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How to Financially Prepare For Divorce

Posted by : Premraj | Posted on : Monday, August 17, 2020


Getting a divorce is one of the most stressful experiences you’ll go through, but it signifies a fresh start. Often, divorce is necessary to help you improve and progress your life.

While a brighter future is on the horizon, navigating your divorce is anything but easy. Arguably the greatest challenge during the dissolution of a marriage involves the distribution of finances.

When you’re married, finances are often co-mingled and combined, meaning that a division will need to be made during your divorce.

What makes this especially tricky is when you combine separate property with community property. This can leave funds you earned before getting married fair game for your spouse.

When you’re already in the process of a divorce, it’s too late to think about protective agreements like a pre or post-nuptial. Instead, you’ll need to prepare your finances so you can protect yourself during negotiations.

We’ll help you financially prepare for divorce with some useful tips below.

Analyze Assets and Debts

You should begin by analyzing your combined assets and debts.

Throughout your marriage, you and your partner have likely accumulated several different assets and debts. You want to have an understanding of all of these to know your full financial situation.

Something to keep in mind is that many couples tend to have one person in charge of finances. They typically pay the bills and keep tabs on bank accounts.

If you are the partner that does not oversee the finances, then analyzing assets and debts becomes even more important. You may have no idea how much or how little you have.

For assets, significant items include any vehicles, property, the values in your bank accounts, retirement funds, and unprotected inheritances.

Debts can include expenses like a mortgage, credit card debt, student loans, outstanding taxes, car payments, and medical treatments.

You want to find all of your assets and debts so that you can fairly distribute them during your divorce.

Track Your Cash Flow

Next, you’ll want to start tracking your cash flow. In other words, you want to know where your money is coming from and where it is going.

This is significant for a few reasons.

First, it will assist in determinations of alimony and child support payments. Missing or underreporting income will result in receiving less support than needed.

Second, you can identify if any money is missing. Perhaps there should be more in your account than there is. This could indicate that your spouse may be hiding it in another account or spending it on personal pursuits.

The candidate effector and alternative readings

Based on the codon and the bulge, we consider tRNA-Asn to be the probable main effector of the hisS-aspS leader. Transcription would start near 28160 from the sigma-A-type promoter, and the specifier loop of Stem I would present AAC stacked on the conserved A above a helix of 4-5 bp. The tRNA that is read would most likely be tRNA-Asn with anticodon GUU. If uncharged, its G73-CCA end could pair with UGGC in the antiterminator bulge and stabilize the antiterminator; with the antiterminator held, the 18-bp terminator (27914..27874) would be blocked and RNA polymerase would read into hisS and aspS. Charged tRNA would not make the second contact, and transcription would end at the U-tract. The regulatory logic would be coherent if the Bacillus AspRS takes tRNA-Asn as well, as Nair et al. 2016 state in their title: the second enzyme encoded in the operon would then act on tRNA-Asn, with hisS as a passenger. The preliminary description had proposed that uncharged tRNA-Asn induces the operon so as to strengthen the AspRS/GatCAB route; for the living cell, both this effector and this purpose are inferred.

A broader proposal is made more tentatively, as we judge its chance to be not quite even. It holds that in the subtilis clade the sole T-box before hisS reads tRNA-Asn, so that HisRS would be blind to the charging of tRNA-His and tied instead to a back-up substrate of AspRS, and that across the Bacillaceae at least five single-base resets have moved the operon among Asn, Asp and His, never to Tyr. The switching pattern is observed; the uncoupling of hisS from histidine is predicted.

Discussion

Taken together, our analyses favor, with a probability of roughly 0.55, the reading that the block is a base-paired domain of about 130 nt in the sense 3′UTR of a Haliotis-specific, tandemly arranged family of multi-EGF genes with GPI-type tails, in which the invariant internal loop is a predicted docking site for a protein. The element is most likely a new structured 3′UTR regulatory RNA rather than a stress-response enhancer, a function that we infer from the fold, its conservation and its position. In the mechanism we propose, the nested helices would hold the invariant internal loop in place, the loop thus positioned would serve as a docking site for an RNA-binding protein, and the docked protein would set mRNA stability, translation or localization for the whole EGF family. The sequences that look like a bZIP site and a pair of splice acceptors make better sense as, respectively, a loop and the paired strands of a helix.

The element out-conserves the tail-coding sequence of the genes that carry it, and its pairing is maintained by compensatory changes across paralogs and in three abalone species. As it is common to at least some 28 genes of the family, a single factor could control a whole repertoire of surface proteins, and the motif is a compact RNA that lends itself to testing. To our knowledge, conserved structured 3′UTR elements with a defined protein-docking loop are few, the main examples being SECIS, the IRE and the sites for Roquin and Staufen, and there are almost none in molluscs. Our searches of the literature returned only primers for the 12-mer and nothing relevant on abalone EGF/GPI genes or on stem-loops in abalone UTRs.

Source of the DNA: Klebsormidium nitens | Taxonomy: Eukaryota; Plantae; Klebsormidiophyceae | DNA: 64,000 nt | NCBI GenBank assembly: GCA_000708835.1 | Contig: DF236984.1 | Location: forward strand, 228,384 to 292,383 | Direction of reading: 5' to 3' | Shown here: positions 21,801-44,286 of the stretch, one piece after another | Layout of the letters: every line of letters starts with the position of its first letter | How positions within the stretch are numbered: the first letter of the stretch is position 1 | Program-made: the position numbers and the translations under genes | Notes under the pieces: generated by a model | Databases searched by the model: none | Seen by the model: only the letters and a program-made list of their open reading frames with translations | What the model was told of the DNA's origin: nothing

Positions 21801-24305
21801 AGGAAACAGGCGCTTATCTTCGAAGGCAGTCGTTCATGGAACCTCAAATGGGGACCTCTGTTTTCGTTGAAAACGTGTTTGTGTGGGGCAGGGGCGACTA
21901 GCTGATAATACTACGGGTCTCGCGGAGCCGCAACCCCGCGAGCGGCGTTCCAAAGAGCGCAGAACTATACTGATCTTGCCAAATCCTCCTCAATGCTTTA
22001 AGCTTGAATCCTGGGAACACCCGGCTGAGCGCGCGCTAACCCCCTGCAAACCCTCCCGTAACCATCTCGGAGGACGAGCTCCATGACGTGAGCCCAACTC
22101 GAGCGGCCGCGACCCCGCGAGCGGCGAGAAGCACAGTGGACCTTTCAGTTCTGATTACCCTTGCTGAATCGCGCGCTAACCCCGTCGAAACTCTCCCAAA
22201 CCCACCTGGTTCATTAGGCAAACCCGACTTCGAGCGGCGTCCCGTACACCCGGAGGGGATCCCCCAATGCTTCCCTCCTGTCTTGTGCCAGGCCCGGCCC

The final part of this is that it tells you what you’re contributing and how your life will change. This can help you prepare for future living arrangements and lifestyle changes.

When you have a good pulse on your combined cash flow, you’ll be financially prepared for the impact of your divorce.

Develop Personal Credit

Another crucial suggestion is to begin developing your personal credit, especially if you hadn’t done so before getting married.

Many married people, especially younger couples, do not have a strong history of individual credit. It’s much easier to build credit when you’re married because you’ll inevitably need to rent somewhere to live and bigger expenses requiring loans or credit aren’t uncommon.

The problem with this is that your married credit may not carry over. Typical sources of credit like credit cards and loans may not have your name on them, meaning that your spouse is the only one building credit.

This will leave you vulnerable after divorce and can make it difficult to find a place to live. To prevent this, you should open a personal credit card to begin using and paying off to develop your credit. While credit takes time to build, the sooner you start, the earlier it grows.

Considering this, take the time you have left to get your credit built up so you don’t face any issues after separating.

Eliminate Financial Connections

Lastly, you’ll want to eliminate any financial connections with your spouse.

By analyzing your assets and debts and tracking your cash flow, you should know all the financial details of your marriage. From this, you can extrapolate what your partner is included on and should be removed from.

A few common connections to sever include joint bank accounts, credit cards, and emergency contact information. You should also remove them as beneficiaries on retirement funds, insurance policies, and disinherit them from your will.

You want to make it legally and financially clear that you and your future ex-spouse are separate. This prevents them from unrightfully accessing your funds.

Figure out everything you and your spouse are legally tied together on and remove them or yourself. This reduces your liability and protects your future financial health.

Closing Thoughts

Financially preparing for divorce is crucial for protecting yourself and ensuring you get a fair deal. Many divorces end with one party receiving more than the other, which is avoidable if you fully understand your financial situation.

To be prepared, there are a few steps you must take. This includes analyzing your assets and debts, tracking your cash flow, developing your personal credit, and eliminating financial connections.

Divorces are often messy and it can be hard to find all pertinent information. Consider speaking with an experienced divorce attorney that can guide you through one of the hardest times of your life!

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